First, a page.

Joanne Chang’s “Science of Sugar”

by Bovey Rao ’19

Joanne Change Start

Nationally recognized pastry chef Joanne Chang ’91 returned to Harvard as part of the Science and Cooking Lecture Series. The series combines a love of delicious food with an equal appreciation for science. Each lecture begins with a brief introduction on the relevant scientific terminology and equations. While informative, these introductions only build anticipation for the main event.

During her years at Harvard, Chang concentrated in Applied Mathematics and Economics. However, she enjoyed baking in much of her spare time. After working as a consultant for a few years, she quit her job and pursued this true passion. Since that time, she has opened numerous Flour Bakeries and Myers + Chang, proving herself as an incredible baker and accomplished businesswoman. By returning to Harvard, she introduces the relevance and applications of science in the world of gourmet cuisine.

Chang’s lecture on September 21 was titled “The Science of Sugar” because of Chang’s expertise as a baker and pastry chef at some of the best United States restaurants. We are introduced to sugar as a malleable tool that accomplishes many incredible tasks in cooking.

Properties of Sugar

  1. Creaming: The process of mixing sugar and butter is a process known as creaming, which is essential to several aspects of baking. Cookies, cakes, frosting, and the like depend on creaming to incorporate additional air into the good.
  1. Hydroscopicity: Sugar is incredible at absorbing water, which allows it to preserve food and make it last significantly longer. This is essential to many commercial goods and allows them to stored and marketed for large periods of time.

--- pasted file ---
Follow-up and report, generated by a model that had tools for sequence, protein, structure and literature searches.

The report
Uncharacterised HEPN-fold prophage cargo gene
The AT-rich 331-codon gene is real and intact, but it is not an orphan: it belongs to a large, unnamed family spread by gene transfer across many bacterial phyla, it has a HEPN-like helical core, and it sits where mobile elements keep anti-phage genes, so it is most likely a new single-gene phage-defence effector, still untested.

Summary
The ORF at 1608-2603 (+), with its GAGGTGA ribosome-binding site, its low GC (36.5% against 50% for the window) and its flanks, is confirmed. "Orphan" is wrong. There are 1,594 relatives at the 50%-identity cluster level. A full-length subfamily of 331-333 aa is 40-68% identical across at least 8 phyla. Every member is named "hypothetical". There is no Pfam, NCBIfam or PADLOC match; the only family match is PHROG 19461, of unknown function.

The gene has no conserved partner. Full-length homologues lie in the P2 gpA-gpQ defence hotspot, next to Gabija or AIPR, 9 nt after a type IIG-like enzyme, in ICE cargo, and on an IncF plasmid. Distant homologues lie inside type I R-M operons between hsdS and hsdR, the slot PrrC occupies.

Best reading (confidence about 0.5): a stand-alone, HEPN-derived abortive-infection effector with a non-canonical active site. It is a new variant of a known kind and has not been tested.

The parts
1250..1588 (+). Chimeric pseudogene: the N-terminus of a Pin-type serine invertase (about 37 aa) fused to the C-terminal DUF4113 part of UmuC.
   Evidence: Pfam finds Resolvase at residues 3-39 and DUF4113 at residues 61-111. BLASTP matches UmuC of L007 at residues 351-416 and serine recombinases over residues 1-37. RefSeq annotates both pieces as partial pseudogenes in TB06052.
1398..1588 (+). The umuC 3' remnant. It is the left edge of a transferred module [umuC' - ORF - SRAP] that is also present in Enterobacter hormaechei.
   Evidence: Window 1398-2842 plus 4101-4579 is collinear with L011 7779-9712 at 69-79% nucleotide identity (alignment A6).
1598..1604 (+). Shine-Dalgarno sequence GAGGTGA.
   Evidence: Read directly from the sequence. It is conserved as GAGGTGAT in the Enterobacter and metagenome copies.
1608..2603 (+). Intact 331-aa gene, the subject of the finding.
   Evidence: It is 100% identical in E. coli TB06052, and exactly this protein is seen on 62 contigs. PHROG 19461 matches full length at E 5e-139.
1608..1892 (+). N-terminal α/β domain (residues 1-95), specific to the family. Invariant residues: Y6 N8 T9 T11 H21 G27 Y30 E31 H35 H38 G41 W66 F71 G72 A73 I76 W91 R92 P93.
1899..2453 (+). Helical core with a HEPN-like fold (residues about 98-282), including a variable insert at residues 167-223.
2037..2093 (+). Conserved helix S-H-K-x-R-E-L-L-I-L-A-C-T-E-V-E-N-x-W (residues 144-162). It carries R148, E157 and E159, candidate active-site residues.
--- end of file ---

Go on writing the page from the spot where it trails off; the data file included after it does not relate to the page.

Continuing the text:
1. Lowering freezing point: For many frozen goods (ice cream, sorbets, even frozen yogurt), sugar lowers the freezing point, which can make for a much more palatable product. Sugar, in high enough quantities, prevents the crystallization of water and allows for a smoother product.
  1. Stabilizes egg foams: While enjoying that mousse, soufflé, or meringue, the egg foams did not just stand up on their own. Sugar is crucial in the process of ensuring that the proteins in the egg foams do not collapse.
  1. Aids in browning: Enjoy the lovely browned cake or cookie? Sugar is responsible for this as it caramelizes on the surface of these goods.
  1. Tenderizes and inhibits gluten development: When gluten in flour tries to form, sugar can prevent it from happening. Gluten makes many baked goods tough and unpalatable, and sugar ensures the product remains tender, without tough gluten fibers.
  1. Crisps pastries: Again, sugar works as a caramelizing agent by providing that quintessential crunch to many baked goods. Many baked goods depend on the crisp texture provided by sugar.
    Joanne Chang End

After exploring these incredible features of sugar, we began a series of actual demonstrations.Whipping egg whites with and without sugar showed the importance of sugar in forming those peaks. Sugar was heated to different points and then cooled to demonstrate how the properties of sugar changes at unique temperatures. At different temperatures, the sugar changes significantly as it could become a hard ball of sugar or a smooth caramel. As the pièce de résistance, Chang created a magnificent croquembouche with heated sugar, which melted to form a net of spun sugar. The thin, angelic threads of sugar demonstrate the truly impressive properties of such a simple substance.

In addition to this extravagant experimentation with sugar, Chang has most recently written a cookbook, Baking with Less Sugar. This feat is incredible given the properties that were explored in the lecture. Chang explored a wide array of natural sweets as possible sugar substitutes and how to get the most out natural sweetness. Be sure to check it out!

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